BSkyB swallows £350m loss on ITV stake

Sky finally sells some of its ITV shares at a big loss (although it will actually show as profit this year...)

by
Last Updated: 31 Aug 2010

BSkyB has finally bowed to the inevitable and flogged around 10% of its stake in broadcaster ITV, for £196m – thus bringing to an end a two-year legal wrangle (much to the chagrin of competition lawyers, no doubt). You have to say the whole episode has been a disaster for Sky financially: it’s lost about £350m on the shares, all told. On the plus side, at least the NTL merger didn't happen. Equally, the legal delay helped Sky get a higher price – and because it’s already written off the value of its holding, this sale will show up as a big one-off profit in its annual accounts. And given that it's kept a stake of about 7.5%, it will still have plenty of opportunity to stick its oar in…

Sky announced that it had flogged 404m shares – equivalent to 10.4% of ITV – at 48.5p a share to Morgan Stanley, which in turn has flogged them on to institutional investors (though we don't know who - ITV will hope it's someone friendly). Given that Sky paid 135p for the shares back in November 2006 (to block a merger with N— sorry, to become a strategic investor), that’s a pretty big financial hit. Although it could have been worse: at one point ITV’s share price plummeted as low as 20p, so stringing out the appeal process for all this time has actually saved Sky quite a lot of money. Who said expensive lawyers weren’t worth it?

Of course, ever since the Competition Commission came out in opposition to Sky owning such a substantial chunk of ITV, this outcome was always the most likely. Even Sky recognised this, writing down the value of its stake by £616m in 2008, and another £191m last year. This has two obvious benefits: one, it meant they took the big hit in a year already affected by the recession, when everyone was struggling. And two, any money they did make on the eventual sale – as it turns out, almost £200m – would go straight to the bottom line. The same goes for any increase in the value of its remaining 7.5% stake, since it has already been written down to zero on Sky’s books. God bless accountants.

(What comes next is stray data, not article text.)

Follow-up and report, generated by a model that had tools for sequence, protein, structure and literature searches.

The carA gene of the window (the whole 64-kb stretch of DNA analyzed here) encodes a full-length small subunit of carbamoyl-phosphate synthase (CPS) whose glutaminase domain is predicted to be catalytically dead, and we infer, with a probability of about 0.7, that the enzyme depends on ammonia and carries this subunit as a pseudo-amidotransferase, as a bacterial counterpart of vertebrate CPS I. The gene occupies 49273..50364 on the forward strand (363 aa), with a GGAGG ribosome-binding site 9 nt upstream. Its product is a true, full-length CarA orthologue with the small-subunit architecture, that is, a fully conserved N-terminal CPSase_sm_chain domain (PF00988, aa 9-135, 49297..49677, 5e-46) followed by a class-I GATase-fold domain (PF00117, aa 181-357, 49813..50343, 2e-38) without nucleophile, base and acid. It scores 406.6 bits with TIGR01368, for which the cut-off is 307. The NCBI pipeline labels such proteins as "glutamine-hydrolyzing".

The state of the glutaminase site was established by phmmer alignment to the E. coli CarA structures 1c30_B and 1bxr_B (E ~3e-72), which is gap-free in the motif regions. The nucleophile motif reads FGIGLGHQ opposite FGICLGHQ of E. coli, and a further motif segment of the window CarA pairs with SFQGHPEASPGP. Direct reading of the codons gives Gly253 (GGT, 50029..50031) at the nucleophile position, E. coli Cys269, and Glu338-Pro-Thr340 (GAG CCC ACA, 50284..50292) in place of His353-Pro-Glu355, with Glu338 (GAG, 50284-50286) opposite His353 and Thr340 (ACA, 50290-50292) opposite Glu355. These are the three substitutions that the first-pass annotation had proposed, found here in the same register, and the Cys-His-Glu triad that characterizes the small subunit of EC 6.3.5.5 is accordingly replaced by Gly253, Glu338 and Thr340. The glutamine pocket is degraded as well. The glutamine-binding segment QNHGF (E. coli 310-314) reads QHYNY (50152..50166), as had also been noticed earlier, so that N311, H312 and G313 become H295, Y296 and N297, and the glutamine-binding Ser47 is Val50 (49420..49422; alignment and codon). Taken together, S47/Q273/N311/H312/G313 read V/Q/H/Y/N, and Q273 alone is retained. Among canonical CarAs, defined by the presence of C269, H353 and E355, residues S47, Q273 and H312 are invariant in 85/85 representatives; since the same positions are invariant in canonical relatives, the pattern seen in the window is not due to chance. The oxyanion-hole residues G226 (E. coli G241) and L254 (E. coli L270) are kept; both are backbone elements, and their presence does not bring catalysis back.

And this seems to us to be a key point: Sky may no longer have a near 18% stake, but a holding of 7.5% still makes it an influential voice around the boardroom table. The good news for chairman Archie Norman and CEO Adam Crozier is that all their interests are now aligned – a big hike in the share price and everyone’s a winner. In fact, according to our (possibly shonky) maths, if Crozier somehow manages to get the share price up to about £2.65, Sky might even make all its money back...


In today's bulletin:

Sterling pounded as euro plummets and deficit widens
Snow blamed for 'awful' January sales
BSkyB swallows £350m loss on ITV stake
Graduate jobs down just 9% in 2009
The value of battle-scarred execs

Find this article useful?

Get more great articles like this in your inbox every lunchtime

“You literally have to rewrite your job description”

One minute briefing: In hard times, your network becomes more important than ever, says Prezi...

5 bad habits to avoid when leading remotely

In a crisis, it can be hard to recognise when you've taken your eye off...

A top-level guide to scenario planning

COVID creates unprecedented uncertainty, but there are tried and tested ways of preparing for an...

Is it favouritism to protect an employee no one likes?

The Dominic Cummings affair shows the dangers of double standards, but it’s also true that...

Masterclass: Communicating in a crisis

In this video, Moneypenny CEO Joanna Swash and Hill+Knowlton Strategies UK CEO Simon Whitehead discuss...

Remote working forever? No thanks

EKM's CEO Antony Chesworth has had no problems working from home, but he has no...